With her cherubic face and a smile that lights up her eyes, Kavya Solanki seems like any other toddler. Only, she is India’s first ‘saviour sibling’—born to save her thalassaemic brother. At two years, Kavya is obviously oblivious of what that means for her and her family and the community at large.
For her parents—Sahdevsinh and Alpa—Kavya has been a ray of hope and a source of joy after what had been a long, harrowing period in their lives. Their son Abhijit, 7, was diagnosed with thalassaemia major when he was eight months old. That meant his haemoglobin levels kept dropping, at times below five, which, in turn, affected the supply of oxygen in his body. Thalassaemia is a genetic blood disorder. Both Sahdevsinh, 37, and Alpa, 34, are thalassaemia minor, but they had no clue about it—they had no reported history of thalassaemia in the last five generations on both sides, they said. In case of thalassaemia minor parents, there is a 25 per cent chance of their child being either thalassaemia major or thalassaemia free; there is a 50 per cent chance of the child being thalassaemia minor. The Solankis’ eldest—nine-year-old Namrata—is thalassaemia free.
Post Abhijit’s diagnosis, blood transfusions became a part of his life, Sahdevsinh told THE WEEK. It began as a once-in-28-days cycle and eventually became once every 22 days. And, he had to be taken to Ahmedabad from Gandhinagar, where the Solankis are based, every single time as Sahdevsinh had registered Abhijit with Prathama Blood Center there that provided free services for thalassaemia patients. Abhijit would require one unit of blood (around 350ml) every cycle, and the transfusion would cost Rs250 per unit.
The only cure for thalassaemia, the Solankis were told, was a bone marrow transplant. For a successful transplant, Abhijit would need his human leukocyte antigen (HLA) matched with that of the donor. HLAs are a set of proteins responsible for the regulation of the body’s immune response. If the HLA doesn’t match, the body will reject the transplant. Sadly, neither Abhijit’s parents nor Namrata were a match.
So, Sahdevsinh, a gazetted class I officer in the Gujarat government’s Narmada and water resources department, started looking for an unrelated donor. There is a 16 per cent chance for an Indian patient to find an unrelated marrow donor in multinational HLA registries, but just 0.008 per cent chance in Indian registries owing to the lack of donors. Despite the dismal statistics, Sahdevsinh did not give up. He trawled through the internet and spoke to parents of other thalassaemia patients. His research led him to the Christian Medical College, Vellore. “CMC put us through to a registry from where we got an unrelated HLA matching donor from the US,” said Sahdevsinh.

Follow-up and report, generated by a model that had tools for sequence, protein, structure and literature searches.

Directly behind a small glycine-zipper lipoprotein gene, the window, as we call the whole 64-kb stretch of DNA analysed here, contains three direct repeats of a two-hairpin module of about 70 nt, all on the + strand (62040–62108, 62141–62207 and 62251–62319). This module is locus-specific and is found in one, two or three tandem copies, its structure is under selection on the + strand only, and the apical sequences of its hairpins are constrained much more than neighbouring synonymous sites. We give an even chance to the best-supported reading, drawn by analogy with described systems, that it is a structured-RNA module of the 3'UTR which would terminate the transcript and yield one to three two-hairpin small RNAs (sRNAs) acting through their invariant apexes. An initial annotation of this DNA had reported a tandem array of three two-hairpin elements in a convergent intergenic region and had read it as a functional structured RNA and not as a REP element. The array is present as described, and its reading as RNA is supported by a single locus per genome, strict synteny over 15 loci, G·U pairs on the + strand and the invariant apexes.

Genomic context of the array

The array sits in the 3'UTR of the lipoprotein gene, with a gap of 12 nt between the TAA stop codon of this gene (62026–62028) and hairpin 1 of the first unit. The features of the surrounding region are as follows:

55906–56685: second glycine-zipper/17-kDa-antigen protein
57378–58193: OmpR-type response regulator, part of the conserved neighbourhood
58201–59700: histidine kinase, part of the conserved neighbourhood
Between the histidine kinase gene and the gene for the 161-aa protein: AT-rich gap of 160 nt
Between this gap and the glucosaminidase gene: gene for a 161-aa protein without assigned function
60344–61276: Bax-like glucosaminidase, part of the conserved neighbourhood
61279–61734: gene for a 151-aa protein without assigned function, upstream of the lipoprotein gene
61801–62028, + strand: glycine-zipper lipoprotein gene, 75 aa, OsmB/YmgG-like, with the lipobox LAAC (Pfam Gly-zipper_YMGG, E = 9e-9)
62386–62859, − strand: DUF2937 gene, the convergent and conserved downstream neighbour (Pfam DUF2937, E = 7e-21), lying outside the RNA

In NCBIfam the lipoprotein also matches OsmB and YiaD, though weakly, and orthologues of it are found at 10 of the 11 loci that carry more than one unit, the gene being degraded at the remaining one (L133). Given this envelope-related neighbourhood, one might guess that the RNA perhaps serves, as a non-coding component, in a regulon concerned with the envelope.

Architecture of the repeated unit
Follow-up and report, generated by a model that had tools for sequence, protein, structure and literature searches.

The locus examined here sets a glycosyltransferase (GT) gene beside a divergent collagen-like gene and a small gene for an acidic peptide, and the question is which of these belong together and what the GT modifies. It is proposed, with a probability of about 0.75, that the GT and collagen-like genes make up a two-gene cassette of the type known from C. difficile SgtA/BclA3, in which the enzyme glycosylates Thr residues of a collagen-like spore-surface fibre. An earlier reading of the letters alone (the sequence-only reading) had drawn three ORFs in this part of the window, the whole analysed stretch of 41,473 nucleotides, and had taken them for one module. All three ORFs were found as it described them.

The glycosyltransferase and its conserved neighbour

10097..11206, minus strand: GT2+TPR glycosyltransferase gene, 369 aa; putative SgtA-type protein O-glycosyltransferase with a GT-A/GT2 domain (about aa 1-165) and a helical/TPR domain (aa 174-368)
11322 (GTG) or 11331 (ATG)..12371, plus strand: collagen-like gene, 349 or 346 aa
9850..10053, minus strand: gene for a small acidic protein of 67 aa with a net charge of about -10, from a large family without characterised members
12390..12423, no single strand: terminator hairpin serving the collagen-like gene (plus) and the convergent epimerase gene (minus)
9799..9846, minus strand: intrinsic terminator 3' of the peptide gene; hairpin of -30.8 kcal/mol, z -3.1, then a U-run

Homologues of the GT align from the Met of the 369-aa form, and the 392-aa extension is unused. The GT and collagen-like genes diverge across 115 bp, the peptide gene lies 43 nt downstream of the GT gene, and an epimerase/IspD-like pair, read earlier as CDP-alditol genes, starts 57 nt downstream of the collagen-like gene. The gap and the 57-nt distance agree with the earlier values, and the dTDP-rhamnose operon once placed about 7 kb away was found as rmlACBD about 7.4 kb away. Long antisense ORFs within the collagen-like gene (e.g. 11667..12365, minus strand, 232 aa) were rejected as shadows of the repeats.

Sourcing the marrow and transporting it to India and finally getting the transplant done would have cost the Solankis Rs50 lakh. It was way beyond his means, and Sahdevsinh started saving up for it. “Believe me, even though I am a gazetted officer, I do not have a car,” he said. For Abhijit’s blood transfusions and check-ups, he said he would exchange his two-wheeler with his father’s 12-year-old car for the trip to Ahmedabad. Sahdevsinh decided to pay for the transplant by using the gratuity and provident fund of his father Sardarsinh and by selling a part of the land owned by his family.
In April 2017, when Sahdevsinh and two of his relatives were in Vellore to finalise the date for Abhijit’s admission, he came across an article on saviour siblings. The article spoke about how the probability of a matched donor increases through in-vitro fertilisation. And, that changed Sahdevsinh’s approach. He had already paid more than Rs2 lakh to get the bone marrow from the US. But he told the doctor to put the procedure on hold for two months. “I was told that the procedure would have to be done all over again and I will also have to shell out money again,” he said. “I was fine with it as the success of matching HLA is much higher in related donor than in unrelated donor.”
Sahdevsinh then did what he has been doing ever since Abhijit was diagnosed with thalassaemia—research. He read up extensively on IVF and bone marrow transplant. And, that is how he landed at Nova IVF Fertility in Ahmedabad. Said its medical director Dr Manish Banker: “I did not have to convince them as the father was well-informed. He had studied well before coming here. I only had to explain the procedure.”
In case of the Solankis, it was not only necessary to have a disease-free embryo, but one with a matching HLA, too, so that Abhijit could be cured. Over six months, Alpa underwent three IVF cycles, which resulted in 18 embryos. These were screened for disease-causing genes using pre-implantation genetic testing. Of the 18 embryos, only 10 were found fit. However, the HLAs in only two embryos matched with Abhijit’s, and one of these had chromosomal abnormalities. “So only one satisfied all criteria,” recalled Banker.
The healthy embryo was then transferred into the uterus. Banker and his team kept their fingers crossed, as they waited for Alpa to get pregnant. “Had she not then the entire effort would have gone waste,” he said.
A fortnight later, reports indicated that Alpa was pregnant. But there were a few bumps ahead. “During her pregnancy, Alpa bled twice,” said Sahdevsinh. “Once in the third month and once in the eighth month. Luckily though, it did not result in a miscarriage.”
On October 30, 2018, Kavya was born. The next task was to match Kavya’s HLA with Abhijit’s. Earlier, it was the HLA of an embryo that was matched. “The match was 10/10,” said Banker. The success of an IVF programme depends on how well an embryo is created, how good the IVF laboratory is, what time the medicines are given and when the eggs are extracted, he added.